**Description**

This programme is an investigation of complex numbers. Computer animations are used to illustrate these numbers on a complex plane.

Module code and title: | M101, Mathematics: a foundation course |
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Item code: | M101; 26; 1977 |

Recording date: | 07-10-1977 |

First transmission date: | 06-08-1978 |

Published: | 1977 |

Rights Statement: | |

Restrictions on use: | |

Duration: | 00:24:30 |

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Producer: | John Jaworski |

Contributors: | Jeremy Gray; Allan I.,1936-2013 Solomon |

Publisher: | BBC Open University |

Keyword(s): | Complex numbers; Complex planes; Roots of equations; Spiral patterns |

Footage description: | Allan Solomon introduces the programme. He solves a quadratic equation and then looks at a similar equation which appears not to have roots. Jeremy Gray works out a solution for the roots of this equation, using an algebraic formula. This solution is then shown graphically by splitting the roots into two parts and plotting each on a co-ordinate, complex plane. This result shows that a quadratic equation always has two roots. The behaviour of the roots is demonstrated by a computer animation, The same technique is used to illustrate the behaviour of the roots of third and fourth degree curves. Using the complex plane, Jeremy gives examples of the addition and multiplication of complex numbers. These are illustrated with computer animations. Allan and Jeremy now look at powers of complex numbers, plotted on a complex plane. These produce a spiral, similar to those often found in nature. A shell of a sea creature, Nautilus is shown to demonstrate this relationship. Computer animations show the changing spiral pattern generated as the original complex number is shortened. A circle is generated by one complex number. On this circle are found the fifteen fifteenth roots of unity. |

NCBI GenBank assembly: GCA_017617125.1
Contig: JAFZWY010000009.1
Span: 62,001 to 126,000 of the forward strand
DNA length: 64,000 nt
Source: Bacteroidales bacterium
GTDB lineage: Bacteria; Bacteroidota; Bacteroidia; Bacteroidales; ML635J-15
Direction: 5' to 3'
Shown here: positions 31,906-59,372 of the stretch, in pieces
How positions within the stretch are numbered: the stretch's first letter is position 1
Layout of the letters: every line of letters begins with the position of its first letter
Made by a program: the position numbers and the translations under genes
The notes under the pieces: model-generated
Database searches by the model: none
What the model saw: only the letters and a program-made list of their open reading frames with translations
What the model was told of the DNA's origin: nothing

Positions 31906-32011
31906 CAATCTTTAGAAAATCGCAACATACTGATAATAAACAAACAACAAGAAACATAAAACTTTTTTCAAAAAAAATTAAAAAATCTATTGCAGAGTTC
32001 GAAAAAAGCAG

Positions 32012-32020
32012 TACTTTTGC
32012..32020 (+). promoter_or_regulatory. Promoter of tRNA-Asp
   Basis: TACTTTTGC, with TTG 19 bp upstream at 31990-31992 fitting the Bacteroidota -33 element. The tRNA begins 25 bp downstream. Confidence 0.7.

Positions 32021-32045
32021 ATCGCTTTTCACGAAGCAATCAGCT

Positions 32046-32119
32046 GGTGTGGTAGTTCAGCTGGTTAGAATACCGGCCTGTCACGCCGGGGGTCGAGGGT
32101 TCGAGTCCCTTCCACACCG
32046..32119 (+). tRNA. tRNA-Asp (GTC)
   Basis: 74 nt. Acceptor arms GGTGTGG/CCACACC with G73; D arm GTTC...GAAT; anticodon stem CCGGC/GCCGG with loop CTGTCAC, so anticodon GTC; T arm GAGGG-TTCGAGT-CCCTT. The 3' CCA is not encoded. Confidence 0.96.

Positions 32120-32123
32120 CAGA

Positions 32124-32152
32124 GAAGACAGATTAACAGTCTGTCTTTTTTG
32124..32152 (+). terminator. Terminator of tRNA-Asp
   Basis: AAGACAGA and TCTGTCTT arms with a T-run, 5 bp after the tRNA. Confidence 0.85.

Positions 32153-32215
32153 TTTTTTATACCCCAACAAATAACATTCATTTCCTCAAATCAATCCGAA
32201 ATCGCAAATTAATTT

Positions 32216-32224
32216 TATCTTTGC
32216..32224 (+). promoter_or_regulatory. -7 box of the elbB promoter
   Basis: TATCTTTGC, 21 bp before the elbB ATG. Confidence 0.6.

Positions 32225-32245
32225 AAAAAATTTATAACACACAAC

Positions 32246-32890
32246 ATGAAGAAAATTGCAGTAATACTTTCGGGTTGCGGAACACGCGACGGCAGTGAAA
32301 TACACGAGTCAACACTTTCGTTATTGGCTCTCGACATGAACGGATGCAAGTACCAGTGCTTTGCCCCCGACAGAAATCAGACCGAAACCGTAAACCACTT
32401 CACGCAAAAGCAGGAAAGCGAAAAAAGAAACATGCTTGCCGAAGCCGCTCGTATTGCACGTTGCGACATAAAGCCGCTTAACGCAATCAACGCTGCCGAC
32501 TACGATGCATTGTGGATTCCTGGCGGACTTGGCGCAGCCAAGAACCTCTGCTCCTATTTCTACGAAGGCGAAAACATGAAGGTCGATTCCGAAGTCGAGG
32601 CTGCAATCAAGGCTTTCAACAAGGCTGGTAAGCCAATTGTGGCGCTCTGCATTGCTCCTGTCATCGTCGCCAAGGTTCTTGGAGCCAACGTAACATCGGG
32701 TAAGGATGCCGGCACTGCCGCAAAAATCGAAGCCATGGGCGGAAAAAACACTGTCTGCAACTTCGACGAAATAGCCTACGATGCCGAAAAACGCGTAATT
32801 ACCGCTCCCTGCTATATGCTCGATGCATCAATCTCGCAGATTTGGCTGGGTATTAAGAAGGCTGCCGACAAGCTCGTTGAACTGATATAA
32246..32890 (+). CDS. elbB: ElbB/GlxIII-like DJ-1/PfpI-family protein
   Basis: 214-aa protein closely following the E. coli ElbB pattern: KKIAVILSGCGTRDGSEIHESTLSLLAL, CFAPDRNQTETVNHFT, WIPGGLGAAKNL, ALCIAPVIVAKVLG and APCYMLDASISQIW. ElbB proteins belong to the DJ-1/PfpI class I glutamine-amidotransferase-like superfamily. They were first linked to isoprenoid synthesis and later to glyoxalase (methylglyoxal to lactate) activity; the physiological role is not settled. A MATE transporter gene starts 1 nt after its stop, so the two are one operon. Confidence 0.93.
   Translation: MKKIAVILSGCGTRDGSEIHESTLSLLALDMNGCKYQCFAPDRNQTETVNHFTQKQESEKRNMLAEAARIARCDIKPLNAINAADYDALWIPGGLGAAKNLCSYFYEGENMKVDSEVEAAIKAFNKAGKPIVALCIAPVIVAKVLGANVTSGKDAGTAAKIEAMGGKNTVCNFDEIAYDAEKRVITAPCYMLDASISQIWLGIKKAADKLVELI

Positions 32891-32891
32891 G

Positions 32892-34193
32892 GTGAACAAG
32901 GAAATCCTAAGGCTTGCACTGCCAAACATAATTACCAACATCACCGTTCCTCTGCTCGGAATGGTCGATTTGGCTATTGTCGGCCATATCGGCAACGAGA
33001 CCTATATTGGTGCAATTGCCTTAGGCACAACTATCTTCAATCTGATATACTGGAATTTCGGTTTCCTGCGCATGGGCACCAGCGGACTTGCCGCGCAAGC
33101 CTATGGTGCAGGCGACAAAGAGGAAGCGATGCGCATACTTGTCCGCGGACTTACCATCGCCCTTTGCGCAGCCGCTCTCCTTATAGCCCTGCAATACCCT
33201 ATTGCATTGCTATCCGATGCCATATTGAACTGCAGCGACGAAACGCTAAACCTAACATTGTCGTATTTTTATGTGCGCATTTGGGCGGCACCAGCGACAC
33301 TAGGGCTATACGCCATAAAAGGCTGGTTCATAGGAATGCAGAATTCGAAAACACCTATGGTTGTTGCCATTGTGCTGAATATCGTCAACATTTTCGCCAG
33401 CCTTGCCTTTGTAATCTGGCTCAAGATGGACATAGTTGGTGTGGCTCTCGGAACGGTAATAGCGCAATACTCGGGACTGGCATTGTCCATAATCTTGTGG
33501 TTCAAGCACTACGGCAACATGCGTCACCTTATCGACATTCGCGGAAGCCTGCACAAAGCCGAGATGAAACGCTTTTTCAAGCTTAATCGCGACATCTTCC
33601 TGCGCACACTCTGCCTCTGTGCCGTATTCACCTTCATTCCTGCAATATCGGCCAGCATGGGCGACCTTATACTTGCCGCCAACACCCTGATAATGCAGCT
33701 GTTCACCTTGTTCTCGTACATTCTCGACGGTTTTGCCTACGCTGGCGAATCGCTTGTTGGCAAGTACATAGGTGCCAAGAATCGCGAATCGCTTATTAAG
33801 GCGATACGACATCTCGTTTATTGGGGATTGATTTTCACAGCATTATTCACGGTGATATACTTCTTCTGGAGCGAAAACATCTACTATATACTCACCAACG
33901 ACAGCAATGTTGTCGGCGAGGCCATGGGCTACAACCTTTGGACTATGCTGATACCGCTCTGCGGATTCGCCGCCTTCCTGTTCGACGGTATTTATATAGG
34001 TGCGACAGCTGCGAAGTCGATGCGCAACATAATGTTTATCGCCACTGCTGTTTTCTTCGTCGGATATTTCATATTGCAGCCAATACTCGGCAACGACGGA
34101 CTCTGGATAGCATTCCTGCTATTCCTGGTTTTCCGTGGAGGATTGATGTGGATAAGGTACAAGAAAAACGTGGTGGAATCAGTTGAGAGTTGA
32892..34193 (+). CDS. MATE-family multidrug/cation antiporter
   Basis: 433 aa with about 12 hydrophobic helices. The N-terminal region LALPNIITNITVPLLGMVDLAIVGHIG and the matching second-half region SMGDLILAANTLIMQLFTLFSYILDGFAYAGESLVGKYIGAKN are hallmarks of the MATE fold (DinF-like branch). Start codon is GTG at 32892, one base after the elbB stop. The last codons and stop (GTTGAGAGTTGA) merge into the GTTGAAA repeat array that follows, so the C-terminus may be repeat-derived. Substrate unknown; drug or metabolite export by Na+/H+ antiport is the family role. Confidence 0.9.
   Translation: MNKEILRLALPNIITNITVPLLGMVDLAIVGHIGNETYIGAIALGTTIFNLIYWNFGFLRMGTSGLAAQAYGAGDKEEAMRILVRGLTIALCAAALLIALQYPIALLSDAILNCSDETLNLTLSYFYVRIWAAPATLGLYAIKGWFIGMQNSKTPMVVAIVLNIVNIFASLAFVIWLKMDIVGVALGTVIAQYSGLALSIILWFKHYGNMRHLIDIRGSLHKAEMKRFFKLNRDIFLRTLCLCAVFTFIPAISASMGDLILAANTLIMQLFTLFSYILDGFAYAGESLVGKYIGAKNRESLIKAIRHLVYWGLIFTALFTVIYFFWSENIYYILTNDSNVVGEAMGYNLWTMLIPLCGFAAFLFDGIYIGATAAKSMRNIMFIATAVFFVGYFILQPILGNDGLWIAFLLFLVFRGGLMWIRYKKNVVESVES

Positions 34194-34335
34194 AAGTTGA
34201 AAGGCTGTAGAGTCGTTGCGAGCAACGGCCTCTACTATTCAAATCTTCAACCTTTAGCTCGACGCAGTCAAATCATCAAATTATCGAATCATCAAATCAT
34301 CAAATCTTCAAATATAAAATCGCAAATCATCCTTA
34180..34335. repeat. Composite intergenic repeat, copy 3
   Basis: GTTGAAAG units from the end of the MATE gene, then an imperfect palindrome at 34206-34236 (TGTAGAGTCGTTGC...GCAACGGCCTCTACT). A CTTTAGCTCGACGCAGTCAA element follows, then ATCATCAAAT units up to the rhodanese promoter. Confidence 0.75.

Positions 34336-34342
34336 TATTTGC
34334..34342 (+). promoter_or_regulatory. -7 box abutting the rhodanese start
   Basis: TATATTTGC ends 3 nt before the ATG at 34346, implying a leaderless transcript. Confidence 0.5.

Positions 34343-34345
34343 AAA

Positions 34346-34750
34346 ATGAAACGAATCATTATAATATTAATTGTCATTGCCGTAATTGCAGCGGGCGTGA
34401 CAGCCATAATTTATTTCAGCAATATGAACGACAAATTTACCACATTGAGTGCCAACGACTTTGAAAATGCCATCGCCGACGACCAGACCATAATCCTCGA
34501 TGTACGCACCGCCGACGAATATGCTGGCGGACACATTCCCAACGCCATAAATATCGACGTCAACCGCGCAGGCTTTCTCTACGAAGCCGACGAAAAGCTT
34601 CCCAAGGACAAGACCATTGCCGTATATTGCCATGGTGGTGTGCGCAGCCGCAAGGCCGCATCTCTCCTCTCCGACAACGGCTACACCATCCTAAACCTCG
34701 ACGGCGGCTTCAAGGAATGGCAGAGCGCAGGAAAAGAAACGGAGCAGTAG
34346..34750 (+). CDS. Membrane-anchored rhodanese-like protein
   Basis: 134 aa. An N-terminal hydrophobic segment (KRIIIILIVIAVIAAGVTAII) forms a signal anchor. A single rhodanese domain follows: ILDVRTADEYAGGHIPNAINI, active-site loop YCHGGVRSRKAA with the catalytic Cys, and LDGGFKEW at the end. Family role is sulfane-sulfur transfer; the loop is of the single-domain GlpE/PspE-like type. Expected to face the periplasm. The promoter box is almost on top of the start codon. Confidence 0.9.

Master spool number: | HOU2650 |

Production number: | 00525_4264 |

Videofinder number: | 2488 |

Available to public: | no |